What We Are Growing in Our Garden (June Recap)

By Julie Sews - 11:37:00 AM

Wow has this post been late this year!  We have been so busy here this year working on home projects (maintenance and remodelling), that I haven't had time to post about our garden. It's also been amazing weather here (believe it our not our summers can be very hot here but this year it's been upper 70s instead) that I've been rather compelled to hang outside rather than hang out inside in air conditioning being a nerd.  I do apologize for those who do follow our garden every year.

What We Did Different With our Garden this Year 
Our garden July W3 2014
Garden A (right side of our garden) July W3 2014
Garden B (left side of our garden) July W3 2014

Every year we learn a little from the year before, no matter how long you've been gardening.  Since we are finally learning what plants work best for our garden and us and how much to grow, we have been able to focus on aesthetics this year (or in other words making our garden pretty).  In order to accomplish this I tried to focus on height tall to short, and symmetry.  I planted low plants in the front, with the prettiest front and forward (lettuce, and kale), and high plants (tomatoes) in the back.  And last year we placed our trellises lined along our pathways.  I really liked how that looked it has nice symmetry and frames the path along with the strawberries we planted a few years ago. 

What We Are Growing This Year

This season we are also scaling back a bit, since I planned on being busier this year.  We planted half the green beans (pole) that we did last year, and no peas (too much time needed for picking, and no cauliflower (not enough space).  We also planted less kale 6 plants instead of 10 (I found how much we planted last year to be too much for our needs).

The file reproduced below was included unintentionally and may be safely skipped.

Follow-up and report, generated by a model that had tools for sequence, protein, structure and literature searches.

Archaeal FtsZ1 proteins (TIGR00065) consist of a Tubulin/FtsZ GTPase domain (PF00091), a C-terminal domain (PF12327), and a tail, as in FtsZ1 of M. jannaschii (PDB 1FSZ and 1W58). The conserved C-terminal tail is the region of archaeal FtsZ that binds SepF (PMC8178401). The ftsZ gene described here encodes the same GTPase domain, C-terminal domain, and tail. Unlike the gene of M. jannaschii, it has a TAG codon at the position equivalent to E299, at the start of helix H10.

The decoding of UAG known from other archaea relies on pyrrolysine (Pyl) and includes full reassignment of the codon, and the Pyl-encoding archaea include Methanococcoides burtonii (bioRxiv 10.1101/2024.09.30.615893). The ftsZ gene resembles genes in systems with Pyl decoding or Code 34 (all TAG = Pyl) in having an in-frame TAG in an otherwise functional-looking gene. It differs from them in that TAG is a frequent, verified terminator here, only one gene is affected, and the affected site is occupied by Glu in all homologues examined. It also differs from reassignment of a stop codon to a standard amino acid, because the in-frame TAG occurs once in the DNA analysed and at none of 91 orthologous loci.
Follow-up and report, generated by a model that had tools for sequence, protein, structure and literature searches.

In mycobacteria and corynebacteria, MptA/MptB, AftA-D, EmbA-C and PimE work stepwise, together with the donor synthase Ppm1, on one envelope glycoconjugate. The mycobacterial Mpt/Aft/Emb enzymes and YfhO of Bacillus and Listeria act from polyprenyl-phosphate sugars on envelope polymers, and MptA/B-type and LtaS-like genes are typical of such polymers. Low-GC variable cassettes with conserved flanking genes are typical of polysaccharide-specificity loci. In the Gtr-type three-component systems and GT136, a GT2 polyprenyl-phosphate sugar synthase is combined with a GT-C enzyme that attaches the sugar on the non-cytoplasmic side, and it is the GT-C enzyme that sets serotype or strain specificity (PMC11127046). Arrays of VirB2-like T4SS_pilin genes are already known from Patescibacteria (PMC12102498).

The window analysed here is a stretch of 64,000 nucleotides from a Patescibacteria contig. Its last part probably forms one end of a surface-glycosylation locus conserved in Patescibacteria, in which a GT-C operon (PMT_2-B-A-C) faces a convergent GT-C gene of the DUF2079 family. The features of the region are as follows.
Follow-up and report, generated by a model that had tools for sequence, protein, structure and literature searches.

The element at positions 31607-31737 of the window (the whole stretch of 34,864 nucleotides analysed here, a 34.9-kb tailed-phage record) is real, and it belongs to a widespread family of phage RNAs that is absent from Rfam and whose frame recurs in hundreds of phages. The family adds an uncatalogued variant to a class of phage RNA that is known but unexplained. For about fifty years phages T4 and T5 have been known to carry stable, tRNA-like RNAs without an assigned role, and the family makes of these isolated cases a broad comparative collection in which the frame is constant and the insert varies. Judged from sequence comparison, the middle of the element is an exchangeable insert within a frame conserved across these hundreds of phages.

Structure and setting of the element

I decided last year after being engulfed with more tomatoes than I could keep up with to preserve that we would grow less plants (24 vs 41 although with our helper plants were at 32) and only Cherry tomatoes and Romas.  Why?  Well because I use to preserve tomatoes by making marinera sauce, but have over the years determined that dehydrating tomatoes (AKA sun dried tomatoes) is the easiest way to preserve tomatoes, they also take up the least amount of space, and are less likely to go bad. All you need to do is slice them up, and Romas are the easiest tomatoes to slice since they have less liquid and also faster to dehydrate.

I also plan to not record the weight of harvest any more in order to shorten the time dedicated to our garden.  I feel it's a helpful  tool if you are trying to grow as much food as possible, but that is no longer my goal due to time constraints.  Instead our goal is to grow what we really love, eat often, and gives us the most benefit to work. 

  • 32 or more tomato plants (6 cherry, 18 Roma, plus 8 or more helper plants assumed to be early girl, big, or better boy).  
  • 8 bell pepper
  • 2 poblano peppers
  • 4 jalapeno peppers
  • 2 serrano peppers
  • 6 broccoli
  • 6 kale (2 red russian, 2 curly, 2 dino)
  • 6 firecracker lettuce (red leaf lettuce)
  • 6 romaine lettuce
  • 6 spinach
  • cilantro (self seeded)
  • 3 rows of cucumbers (approx 30 plants direct seed)
  • 1 row of purple pole beans (approx 35 plants direct seed)
  • italian sweet basil
  • thai basil (direct seed)
  • turnips (direct seed)
  • beets (direct seed)
  • parsley (direct seed)
  • mustard and arugula (self seeded)
  • spearmint
  • catnip (self seeded)
  • chives (perennial )
  • strawberries (perennial)
  • asparagus (perennial )
  • rhubarb (perennial )